Synodal Approach: Some Pastoral Reflections from a Lutheran Perspective
Synod, as we know, is a Greek word denoting those going together the same way. In the New Testament, it is a couple of time used of a company of travelers (Luke 2:44; Acts 9:7). But when taking a synodal approach to the Church, we do not only mean journeying together from one place to another. More than that, we are following the same calling, striving for common ideals, living together, and sharing a common goal, aiming our life to the Kingdom of God.
According to the Book of Acts, one of the words the early Christians used to describe their vocation was “the Way”, the Greek HODOS (Acts 9:2; 19:9,23; 22:4; 24:14,22). Some modern translations seek to clarify the phrase by expanding it to “the Way of the Lord” or “the Way of God”, as it also occurs in a couple of other verses (18:25,26). As it is with the Greek word SYNOD, also HODOS seems to be a particularly Lukan expression in the New Testament. As a matter of fact, the whole Gospel story appears in Luke as a way of Jesus from Bethlehem to Egypt and then back to Nazareth, and later from Galilee to Jerusalem and at the end, in the form of ascension, Jesus’s way to Heaven. Luke makes his readers join Jesus on this long way and gathers the whole together in a miniature by letting us follow the two disciples walking with Jesus to Emmaus, listening him and then, after breaking bread with him, running back to Jerusalem (Luke 24:13-35).
A synodal approach to the Church opens a wide perspective to what it means to be a Christian in general. The concept of “synod” is often limited to describe church governance. But when understood as walking together the way of Christ, following Christ and listening to Christ, being a member in the living body of Christ, and called into witness and service in the name of Christ, it turns out to be a fundamental ecclesiological concept of unity in Christ.
In the following, I attempt to give some pastoral reflections on the synodal approach from two points of view. First, on participating in the decision-making of the church, and second, on the wider belonging to the same body and sharing in the mission of the Church of Christ. Although I am trying to distinguish between them, they nevertheless are closely related and intertwined with each other.
Some churches in the tradition of the Reformation describe themselves as “episcopally lead and democratically governed”. This is the ideal of at least certain Lutheran and Anglican churches, although they don’t always use the same phrase. It must be noted that not all Lutheran churches do have bishops although they do have ministries exercising oversight. On top of that, not all Lutheran churches emphasize the historical continuity of laying on of hands in the consecration of a bishop as it is done today in the Nordic Lutheran Churches subscribing to the Porvoo Declaration together with the Anglican Churches of Britain and Ireland. At the same time, Lutheran churches do also differ in how their members are made partakers of church governance, and how the laity in general are involved in leadership together with the ordained clergy. A combination of the both in responsibility is nevertheless a necessity in all Lutheran churches.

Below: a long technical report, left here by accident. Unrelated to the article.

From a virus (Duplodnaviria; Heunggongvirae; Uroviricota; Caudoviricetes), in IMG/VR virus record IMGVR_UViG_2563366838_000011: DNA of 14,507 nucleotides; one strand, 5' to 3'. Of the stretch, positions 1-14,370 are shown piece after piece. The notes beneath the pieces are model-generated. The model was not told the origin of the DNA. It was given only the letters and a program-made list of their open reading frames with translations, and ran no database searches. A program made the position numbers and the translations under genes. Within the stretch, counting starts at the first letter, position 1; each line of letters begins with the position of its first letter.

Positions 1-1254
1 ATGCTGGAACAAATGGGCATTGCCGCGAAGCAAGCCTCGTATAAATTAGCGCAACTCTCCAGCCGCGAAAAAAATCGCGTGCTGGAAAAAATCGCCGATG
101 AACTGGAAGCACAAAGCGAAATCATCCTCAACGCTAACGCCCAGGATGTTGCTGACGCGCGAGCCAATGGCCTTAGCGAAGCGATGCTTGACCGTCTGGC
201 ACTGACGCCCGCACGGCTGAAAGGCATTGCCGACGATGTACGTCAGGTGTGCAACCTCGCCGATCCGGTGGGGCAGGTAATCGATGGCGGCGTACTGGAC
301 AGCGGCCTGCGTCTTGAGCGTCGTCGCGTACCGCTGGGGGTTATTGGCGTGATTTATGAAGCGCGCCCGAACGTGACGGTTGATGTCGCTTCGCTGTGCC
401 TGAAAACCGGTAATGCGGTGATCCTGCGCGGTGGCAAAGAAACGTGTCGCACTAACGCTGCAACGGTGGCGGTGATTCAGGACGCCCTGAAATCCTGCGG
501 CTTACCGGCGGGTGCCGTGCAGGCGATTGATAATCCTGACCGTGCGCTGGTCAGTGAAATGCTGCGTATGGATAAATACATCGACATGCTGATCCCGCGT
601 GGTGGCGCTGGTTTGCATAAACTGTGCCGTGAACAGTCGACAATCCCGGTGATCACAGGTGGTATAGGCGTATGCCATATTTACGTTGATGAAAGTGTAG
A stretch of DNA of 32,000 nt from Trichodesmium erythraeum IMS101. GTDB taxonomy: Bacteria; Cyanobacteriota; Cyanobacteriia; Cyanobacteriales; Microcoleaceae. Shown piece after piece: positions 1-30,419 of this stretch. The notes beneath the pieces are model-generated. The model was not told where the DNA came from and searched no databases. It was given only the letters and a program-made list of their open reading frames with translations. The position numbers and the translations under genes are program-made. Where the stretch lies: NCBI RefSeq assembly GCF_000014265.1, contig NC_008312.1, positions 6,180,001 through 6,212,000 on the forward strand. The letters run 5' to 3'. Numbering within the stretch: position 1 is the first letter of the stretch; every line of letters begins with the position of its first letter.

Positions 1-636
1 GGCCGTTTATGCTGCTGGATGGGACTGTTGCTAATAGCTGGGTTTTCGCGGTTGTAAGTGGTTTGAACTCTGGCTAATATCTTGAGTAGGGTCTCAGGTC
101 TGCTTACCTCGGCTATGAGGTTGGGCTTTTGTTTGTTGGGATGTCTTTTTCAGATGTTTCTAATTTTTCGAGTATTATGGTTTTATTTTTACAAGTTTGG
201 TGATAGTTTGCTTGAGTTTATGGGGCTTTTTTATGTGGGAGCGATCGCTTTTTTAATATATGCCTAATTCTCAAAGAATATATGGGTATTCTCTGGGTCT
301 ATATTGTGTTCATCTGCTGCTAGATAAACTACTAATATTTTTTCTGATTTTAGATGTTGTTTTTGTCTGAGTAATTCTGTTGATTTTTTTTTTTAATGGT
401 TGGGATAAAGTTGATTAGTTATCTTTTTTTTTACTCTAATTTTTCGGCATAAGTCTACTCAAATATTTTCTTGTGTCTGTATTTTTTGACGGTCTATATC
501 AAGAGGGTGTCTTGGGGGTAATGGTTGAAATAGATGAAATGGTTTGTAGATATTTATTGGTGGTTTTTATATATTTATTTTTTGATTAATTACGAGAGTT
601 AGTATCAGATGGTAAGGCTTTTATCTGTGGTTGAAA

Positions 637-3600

In the Evangelical Lutheran Church of Finland, it is an overall policy to include the lay as well as ordained members together in decision making on all levels. The two dimensions, episcopal as well as synodal, are side by side made responsible for church governance from parish level through diocesan level and up to national synod level.
On the local level, the parish board is elected by church members in a public election. The board decides on the finances of the congregation, including the percentage of church tax. In Finland, the parishes finance themselves and pay their share in the church central fund. The dioceses, on their part, only receive their finances from the church central fund by an approval of the general synod. The diocese does not decide on how many clergy or other personnel a local parish should have, or whether they should build an assembly hall or sell their parsonage. The financial resources of a parish do not flow from above but from below, and we in the diocese are dependent on that money through the central fund. In that sense the local parish level can be considered more powerful than the diocesan level.
The parish board is chaired by a lay person. No employees of that parish can be members in the board. However, those employed by some other parish, are eligible to become members of board in the parish they belong to. In many local boards there are clergy of the neighboring parish, or even the retired vicar of the very same parish as full member. In most cases they can assist the incumbent priest and become “wonderful counselors” for the benefit of all, but one might expect the laity be given more seats.
The board appoints the parish council which decides on the activities of the congregation and prepares all items for the board. It is the priest in charge who is ex officio the chair of the parish council, and a lay person steps in as vice chair. Together the priest and the council are in the leadership of the spiritual activities in the parish, but it’s only the priest who is responsible for it.